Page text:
The premise of the film is simple: Charlie Sheen is playing Tom Cruise as Maverick, only instead of F-14s they've got MP-5s and golf carts. There's a bunch of terrorists out there with Stinger missiles, and we need to totally kill those guys like, yesterday. But the only way we can do that is if Michael Biehn has sex with a terrorist sympathizer - I mean journalist. Once the boning is done, everyone takes a Mediterranean vacation and blows up some dudes, then there's a car chase and they go swimming. The end.
Okay, that's not really the plot. Well...actually that comes pretty close. Biehn and Sheen are the two lieutenants leading a SEAL team on a rescue mission to grab two Navy chopper pilots who were shot down and captured by bad guys. During this mission, Sheen discovers that the bad guys have a sizable cache of Stinger missiles. He tries to blow the cache but fails, and once they make it back to the states, discover that a man they thought to be another prisoner was, in fact, the head bad buy, tricking them into leaving him alone. From there, the SEALs go on a series of missions to hunt down this lead bad guy and find the Stinger missiles. During all of this, Lt. Curran (Biehn) decides to go and talk to Claire, a half-Lebanese journalist who is somewhat sympathetic to the terrorist's cause, or at least understanding of the reasons they are fighting. Claire refuses to reveal what she knows at first, but after the terrorists use one of the Stingers to shoot down a civilian jet, she relents and helps the SEALs track the weapons down. In the film's climax, the SEAL team goes into Beirut to find the missiles and take out the terrorist leader.
The Good: This movie has quite a bit of action, and they made a conscious effort to present how a SEAL team can use many different methods to reach their targets. There's a HALO jump, a submarine insertion with inflatable raft, and a water insertion via helicopter and inflatable raft. You're not sure how they insert on target in the first mission, but the movie makes it clear that the SEALs are trained to get to a target any way imaginable, and I actually think that's one of the cooler aspects of the film. I also like how some effort was made to change out their weapons and gear depending on the mission; for example, when the SEALs go into Beirut, they're wearing fatigues similar to the locals, and carrying AKs - and the two blond-haired members of the team are wearing head scarves to hide their obviously Caucasian hair color. A little detail like that shows to me someone put at least SOME thought into the film. The training sequence was a little goofy, but the bit in the "Kill Room" was actually pretty awesome.
The Bad: Charlie Sheen's character is clearly the Maverick-style hotshot, who's got a great deal of skill and potential, but lets his "need for speed" and the rush of combat outweigh the consequences of his actions. I'm sure guys similar to him exist in some form, but I have a feeling that his actions would have gotten him washed out of the team really fast, especially since he's an officer, and should know better and be setting a higher standard of professionalism. Beyond that, I found the whole need for Curran and Claire to somehow fall for each other and wind up in the sack together weakened the dynamic she built with them. Why does their relationship have to become sexual? It actually destroyed a lot of her character's credibility, and makes it seem like she gives up the information because of her growing relationship with Curran, not because she wants to stop terrorists from knocking jumbo jets out of the sky.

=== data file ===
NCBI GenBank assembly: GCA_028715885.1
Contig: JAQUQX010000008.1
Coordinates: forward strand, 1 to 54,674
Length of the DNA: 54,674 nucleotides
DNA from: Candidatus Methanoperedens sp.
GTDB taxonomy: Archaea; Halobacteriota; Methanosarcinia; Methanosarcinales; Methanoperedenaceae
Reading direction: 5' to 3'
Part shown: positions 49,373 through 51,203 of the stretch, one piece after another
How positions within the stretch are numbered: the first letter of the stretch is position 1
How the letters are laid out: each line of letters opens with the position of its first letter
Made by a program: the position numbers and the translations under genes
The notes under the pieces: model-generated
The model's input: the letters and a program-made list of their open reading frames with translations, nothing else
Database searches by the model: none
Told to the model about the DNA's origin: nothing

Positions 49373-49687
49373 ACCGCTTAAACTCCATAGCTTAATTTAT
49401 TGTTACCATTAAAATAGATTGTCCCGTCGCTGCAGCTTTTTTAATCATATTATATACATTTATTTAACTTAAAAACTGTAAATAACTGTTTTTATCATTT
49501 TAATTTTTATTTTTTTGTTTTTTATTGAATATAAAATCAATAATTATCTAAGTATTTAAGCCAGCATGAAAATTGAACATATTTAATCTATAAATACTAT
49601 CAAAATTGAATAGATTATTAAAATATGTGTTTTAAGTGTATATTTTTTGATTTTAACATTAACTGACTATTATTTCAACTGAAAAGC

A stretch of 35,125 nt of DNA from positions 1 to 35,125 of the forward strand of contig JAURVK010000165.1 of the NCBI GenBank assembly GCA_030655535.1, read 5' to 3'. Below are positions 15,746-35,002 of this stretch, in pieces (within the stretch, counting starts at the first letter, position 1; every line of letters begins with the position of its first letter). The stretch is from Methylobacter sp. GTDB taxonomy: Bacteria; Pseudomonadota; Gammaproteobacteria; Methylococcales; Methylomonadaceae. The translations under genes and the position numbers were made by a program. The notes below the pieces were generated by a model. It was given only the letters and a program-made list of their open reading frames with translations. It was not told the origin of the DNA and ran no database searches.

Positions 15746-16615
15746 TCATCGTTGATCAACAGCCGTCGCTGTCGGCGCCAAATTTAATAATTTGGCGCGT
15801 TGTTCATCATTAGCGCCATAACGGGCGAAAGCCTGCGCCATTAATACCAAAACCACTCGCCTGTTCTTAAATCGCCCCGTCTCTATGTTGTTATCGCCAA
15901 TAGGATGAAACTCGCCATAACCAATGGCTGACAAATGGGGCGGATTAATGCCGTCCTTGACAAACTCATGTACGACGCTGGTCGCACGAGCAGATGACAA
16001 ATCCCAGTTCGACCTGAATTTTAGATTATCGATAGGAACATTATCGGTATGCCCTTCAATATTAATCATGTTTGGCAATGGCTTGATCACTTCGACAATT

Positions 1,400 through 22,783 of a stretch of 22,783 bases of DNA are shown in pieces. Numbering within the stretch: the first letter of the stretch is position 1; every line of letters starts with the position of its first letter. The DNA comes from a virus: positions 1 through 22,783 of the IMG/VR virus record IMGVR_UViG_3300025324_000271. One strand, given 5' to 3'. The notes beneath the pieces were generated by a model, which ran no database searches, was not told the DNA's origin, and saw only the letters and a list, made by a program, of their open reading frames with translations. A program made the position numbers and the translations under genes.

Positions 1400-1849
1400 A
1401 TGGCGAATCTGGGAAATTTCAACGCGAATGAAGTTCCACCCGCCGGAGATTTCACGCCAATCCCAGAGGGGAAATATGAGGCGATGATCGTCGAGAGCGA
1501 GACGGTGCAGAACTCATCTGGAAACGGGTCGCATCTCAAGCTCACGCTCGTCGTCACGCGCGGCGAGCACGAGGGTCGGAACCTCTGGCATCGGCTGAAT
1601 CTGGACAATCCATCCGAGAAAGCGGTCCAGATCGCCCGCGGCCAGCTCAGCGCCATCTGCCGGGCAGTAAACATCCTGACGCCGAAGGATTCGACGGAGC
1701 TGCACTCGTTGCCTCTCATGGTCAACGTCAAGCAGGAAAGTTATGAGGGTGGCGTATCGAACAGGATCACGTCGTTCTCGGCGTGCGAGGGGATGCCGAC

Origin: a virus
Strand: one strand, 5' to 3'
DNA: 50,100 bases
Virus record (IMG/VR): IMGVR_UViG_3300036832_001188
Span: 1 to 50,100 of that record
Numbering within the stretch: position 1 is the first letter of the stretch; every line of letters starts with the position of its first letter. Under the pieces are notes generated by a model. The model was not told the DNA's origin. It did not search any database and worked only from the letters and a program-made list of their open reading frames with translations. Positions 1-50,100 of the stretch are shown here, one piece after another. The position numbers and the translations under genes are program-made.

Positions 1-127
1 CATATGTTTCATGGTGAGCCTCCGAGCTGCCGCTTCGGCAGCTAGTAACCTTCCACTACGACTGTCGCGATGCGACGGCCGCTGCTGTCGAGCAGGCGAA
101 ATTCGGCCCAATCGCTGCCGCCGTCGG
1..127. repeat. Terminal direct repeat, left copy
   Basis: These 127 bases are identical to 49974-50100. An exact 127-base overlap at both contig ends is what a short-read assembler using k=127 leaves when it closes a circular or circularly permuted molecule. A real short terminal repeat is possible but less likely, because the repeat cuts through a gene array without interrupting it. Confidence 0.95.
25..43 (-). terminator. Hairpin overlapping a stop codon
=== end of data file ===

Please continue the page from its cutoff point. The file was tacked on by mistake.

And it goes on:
The Ugly: Having the SEALs play golf after a mission. Really? Killing off the only black guy in the team was also groan-inducing...and of course he's the only one of them who seems to have any kind of long-term romantic relationship. Also, like every other military funeral scene ever filmed, they bury the guy in the pouring rain. In addition, it seemed like the SEALs traveled REALLY light, basically a weapon, a pistol, a handful of magazines, and a grenade or two. I know it's the 90's, but I was hoping for at least a pair of night vision goggles - the closest we get is one guy using a hand-held thermal scope. I think there was more of a desire to make everyone's faces clearly recognizable throughout the film, ergo we don't put them in anything that hides who each person is.
All in all, a pretty fun military action movie. I do wonder if, like Top Gun, this was backed by the military in part as a promotion piece, intended to show just how awesome the SEALs were and up recruitment. One thing that's interesting to note is that the screenplay is co-authored by Chuck Pfarrer, an ex-Navy SEAL himself, who also wrote the screen play for Hard Target. Given the involvement of an actual SEAL, I wonder about the decisions made in terms of the tactics and the story overall; did Pfarrer make most of the decisions, or was he the "realist" who had his ideas shot down by Hollywood suit-types? I'd love to find out (Psssst, Chuck...email me, bro...).
Here's the theatrical trailer for the movie: